Understanding the Gospel of John
- Wednesday, April 14, 2004
During the latter part of the 1st Century, the disciple John recounted the story of Jesus Christ and His debates with the Jewish authorities. Based on the recollections of his most trusted followers, The Gospel of John was likely composed two generations after the crucifixion of Jesus Christ.
“Gospel” is the name given to early accounts of the story of Jesus’ life, teachings and activities. The New Testament incorporates four “gospels” into its text. Although John was the last to be written, a fragment of this gospel is the earliest piece of the New Testament to have been recovered archaeologically, during the second quarter of the 2nd century; a mere 30-50 years after the story was written.
The Gospel is set in a politically turbulent time, when The Roman Empire controlled Jerusalem, and the surrounding area. Under Roman rule, the Jews autonomy and political rights were limited, but they were still allowed great measure of religious freedom. Generally, they adhered to a set of common beliefs and practices, including dietary laws, the observance of the Sabbath and the belief in one God.
However, profound disagreements existed amongst the various groups and factions within the Jewish community about other elements of Jewish life, including interpretation of the Torah, the calendar, the role of the Temple and disdain for Roman governance. Jesus and His disciples contributed to the growing controversy. In doing so, they, like the Pharisees, who believed in living by the tenants of Moses’ law, laid claim to an exclusive relationship with the God of Israel and vied for the adherence of their fellow Jews.
It is important to note that Jesus and all His early followers were Jewish. As the Gospel attests, despite the sometimes antagonistic language, Jesus and His followers always considered themselves to be an integral part of the Jewish community as whole, and not in opposition to it.
Smaller movements attempted to renew Judaism from within, as the Hebrew prophets had done years before. One of those figures seeking the religious renewal of Judaism was John the Baptist, who called himself a “voice crying in the wilderness.” His message called the Jewish people to prepare for the coming of “the ‘Lamb of God’ who would take away the sin of the world.”
There was little indication at the time that Jesus’ philosophy would survive after His death. But His small sect of loyal followers, having failed to impact Judaism significantly, took His message into the Roman world with remarkable success.
In John’s day, Christianity had become a major Greek religion and was completely independent of its Jewish roots. Precisely because of its Jewish roots, however, Christianity became Judaism’s major competitor. Both groups claimed to be “the people of God” and to have the same collection of Holy Scripture, the Hebrew Bible — which Christians called the “Old Testament.”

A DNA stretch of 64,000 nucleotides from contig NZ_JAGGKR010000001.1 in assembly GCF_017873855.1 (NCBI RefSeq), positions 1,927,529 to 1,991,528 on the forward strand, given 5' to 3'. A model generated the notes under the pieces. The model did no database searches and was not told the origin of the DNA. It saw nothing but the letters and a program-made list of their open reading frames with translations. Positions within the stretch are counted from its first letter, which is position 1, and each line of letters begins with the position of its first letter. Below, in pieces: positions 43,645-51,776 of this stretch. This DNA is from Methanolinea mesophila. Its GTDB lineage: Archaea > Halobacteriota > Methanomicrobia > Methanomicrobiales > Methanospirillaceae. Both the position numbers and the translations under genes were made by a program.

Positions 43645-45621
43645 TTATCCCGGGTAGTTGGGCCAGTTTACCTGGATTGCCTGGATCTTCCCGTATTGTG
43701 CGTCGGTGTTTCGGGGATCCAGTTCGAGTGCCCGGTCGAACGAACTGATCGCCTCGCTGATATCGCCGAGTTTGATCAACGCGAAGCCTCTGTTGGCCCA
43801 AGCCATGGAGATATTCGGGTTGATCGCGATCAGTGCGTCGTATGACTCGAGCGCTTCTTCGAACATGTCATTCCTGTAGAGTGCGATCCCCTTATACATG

The Gospel of John is a product of its time and place in the life of the emerging church during a tumultuous social and political era. It is also a deeply moving expression of Christian belief, reflecting the convictions of the community of faith that created it.
About the Biblical Text
For many readers, both ancient and modern, John is the “spiritual gospel,” signaled by the initial emphasis on Jesus as the one who descends from God at the beginning of the account and returns to God at the end.
The first half of the gospel consists of lively and well-crafted dialogues between Jesus and individuals, such as the Samaritan Woman; Nicodemus who came to Jesus by night; and the blind man, all of whom do not appear in other gospels.
It stands apart from Matthew, Mark and Luke in that when it records the same events, as in the case of the “cleansing of the temple,” the incident appears at a dramatically different moment chronologically. It includes long discourses by Jesus, whereas the other gospels tend to have Jesus speaking in short statements or parables. It weaves Jesus’ ministry around seven “signs” or miracles: the changing of water to wine; healing the nobleman’s son; healing the lame man; walking on water; feeding the 5000; healing the blind man; and raising Lazarus. Unlike Matthew, Mark and Luke, it records no exorcisms.
In these same gospels, Jesus goes only once to Jerusalem, implying a one-year ministry. In The Gospel of John, Jesus makes a number of visits spread over a three-year ministry. He is recognized from the beginning as the Messiah in John, while in the other three gospels, that recognition comes slowly.
The Gospel of John is the only gospel that explicitly mentions why it was written. Toward the end, the author states that the purpose is to show that “Jesus is the Messiah, the Son of God.” John’s gospel uses stylish literary techniques to communicate this conviction, making a limited range of points repeatedly, so that the gospel can be appreciated at a variety of levels. The author does not hesitate to use dramatic and emotional moments to drive home his core messages.
Perhaps what impresses most about The Gospel of John is its breathtaking sweep, which bridges from “before the world was created” to future generations who will “believe that Jesus is the Messiah, the Son of God.”
Photo Credit: Brooke Palmer
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